Two new studies out yesterday in the Archives of Internal Medicine journal address this issue with troubling results. We’ve written before about the new Preventive Health Task Force recommendation changes on routine mammograms for women under 50, and these two new studies are taking on another area where scans are overused. CT scans are enormously popular, and they can be a great diagnostic tool that helps treat serious conditions and avoid exploratory surgery. However, as noted in the commentary accompanying the studies, they carry their own very significant risks:
In other words, 15 000 persons may die as a direct result of CT scans physicians had ordered in 2007 alone. Presumably, as the number of CT scans increase from the 2007 rate, the number of excess cancers also will increase. In light of these data, physicians (and their patients) cannot be complacent about the hazards of radiation or we risk creating a public health time bomb.
The articles in this issue make clear that there is far more radiation from medical CT scans than has been recognized previously, in amounts projected to cause tens of thousands of excess cancers annually. Also, as these scans have become more sensitive, incidental findings lead to additional testing (and often more radiation), biopsies, and anxiety. Although a guiding principle in medicine is to ensure that the benefit of a procedure or therapy outweighs the risk, the explosion of CT scans in the past decade has outpaced evidence of their benefit.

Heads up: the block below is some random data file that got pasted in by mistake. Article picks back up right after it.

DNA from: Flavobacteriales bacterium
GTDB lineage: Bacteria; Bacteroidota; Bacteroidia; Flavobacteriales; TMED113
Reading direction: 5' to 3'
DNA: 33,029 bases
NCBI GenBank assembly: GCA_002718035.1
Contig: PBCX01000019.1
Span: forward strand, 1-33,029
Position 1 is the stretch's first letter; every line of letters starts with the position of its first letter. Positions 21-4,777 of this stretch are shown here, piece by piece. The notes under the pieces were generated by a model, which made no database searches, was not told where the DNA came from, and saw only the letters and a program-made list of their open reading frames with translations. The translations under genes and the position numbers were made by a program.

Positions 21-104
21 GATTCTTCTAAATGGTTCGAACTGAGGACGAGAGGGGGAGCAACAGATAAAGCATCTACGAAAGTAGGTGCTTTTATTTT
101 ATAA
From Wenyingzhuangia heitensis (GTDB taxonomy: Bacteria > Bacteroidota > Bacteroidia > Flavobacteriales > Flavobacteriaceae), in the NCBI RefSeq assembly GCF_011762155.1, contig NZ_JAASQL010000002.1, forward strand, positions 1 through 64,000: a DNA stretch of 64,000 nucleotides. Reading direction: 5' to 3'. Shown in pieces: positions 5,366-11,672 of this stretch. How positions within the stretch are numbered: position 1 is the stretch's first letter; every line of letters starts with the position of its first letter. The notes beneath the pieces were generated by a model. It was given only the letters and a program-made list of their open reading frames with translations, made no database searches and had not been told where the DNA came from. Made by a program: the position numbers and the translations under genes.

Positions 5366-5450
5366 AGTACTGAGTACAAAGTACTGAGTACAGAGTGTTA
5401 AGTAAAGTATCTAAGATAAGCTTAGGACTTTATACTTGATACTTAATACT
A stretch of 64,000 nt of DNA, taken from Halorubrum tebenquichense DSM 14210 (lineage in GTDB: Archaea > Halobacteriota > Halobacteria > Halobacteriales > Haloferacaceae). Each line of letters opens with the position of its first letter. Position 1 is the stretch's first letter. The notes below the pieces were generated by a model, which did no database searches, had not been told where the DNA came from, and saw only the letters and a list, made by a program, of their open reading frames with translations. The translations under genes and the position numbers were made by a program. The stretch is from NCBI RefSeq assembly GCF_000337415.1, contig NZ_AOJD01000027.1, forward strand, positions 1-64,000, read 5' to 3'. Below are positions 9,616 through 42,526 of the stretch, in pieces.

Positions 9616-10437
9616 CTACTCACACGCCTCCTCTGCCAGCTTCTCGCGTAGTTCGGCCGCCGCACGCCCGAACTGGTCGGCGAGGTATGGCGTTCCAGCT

The other interesting finding in these studies is the enormous variation between scans in the amount of radiation dose given, even for the same scan for the same condition in the same hospital. This sort of variation can be fixed by standardizing techniques and therefore lowering drastically the radiation dosages patients receive overall.
Health reform is about containing costs and improving care and studies like these make the case for how we can accomplish both of these goals at the same time. As with the debate over routine mammography though, the overuse of CT scans shows the effort it will take to change people’s minds that more testing and more health care is always better health care. A few years ago full-body annual CT scans were all the rage among well-heeled executives. The research today shows that fad likely caused many cancers among those executives “lucky” enough to have the money for such treatment. Let’s not continue to make the same mistake.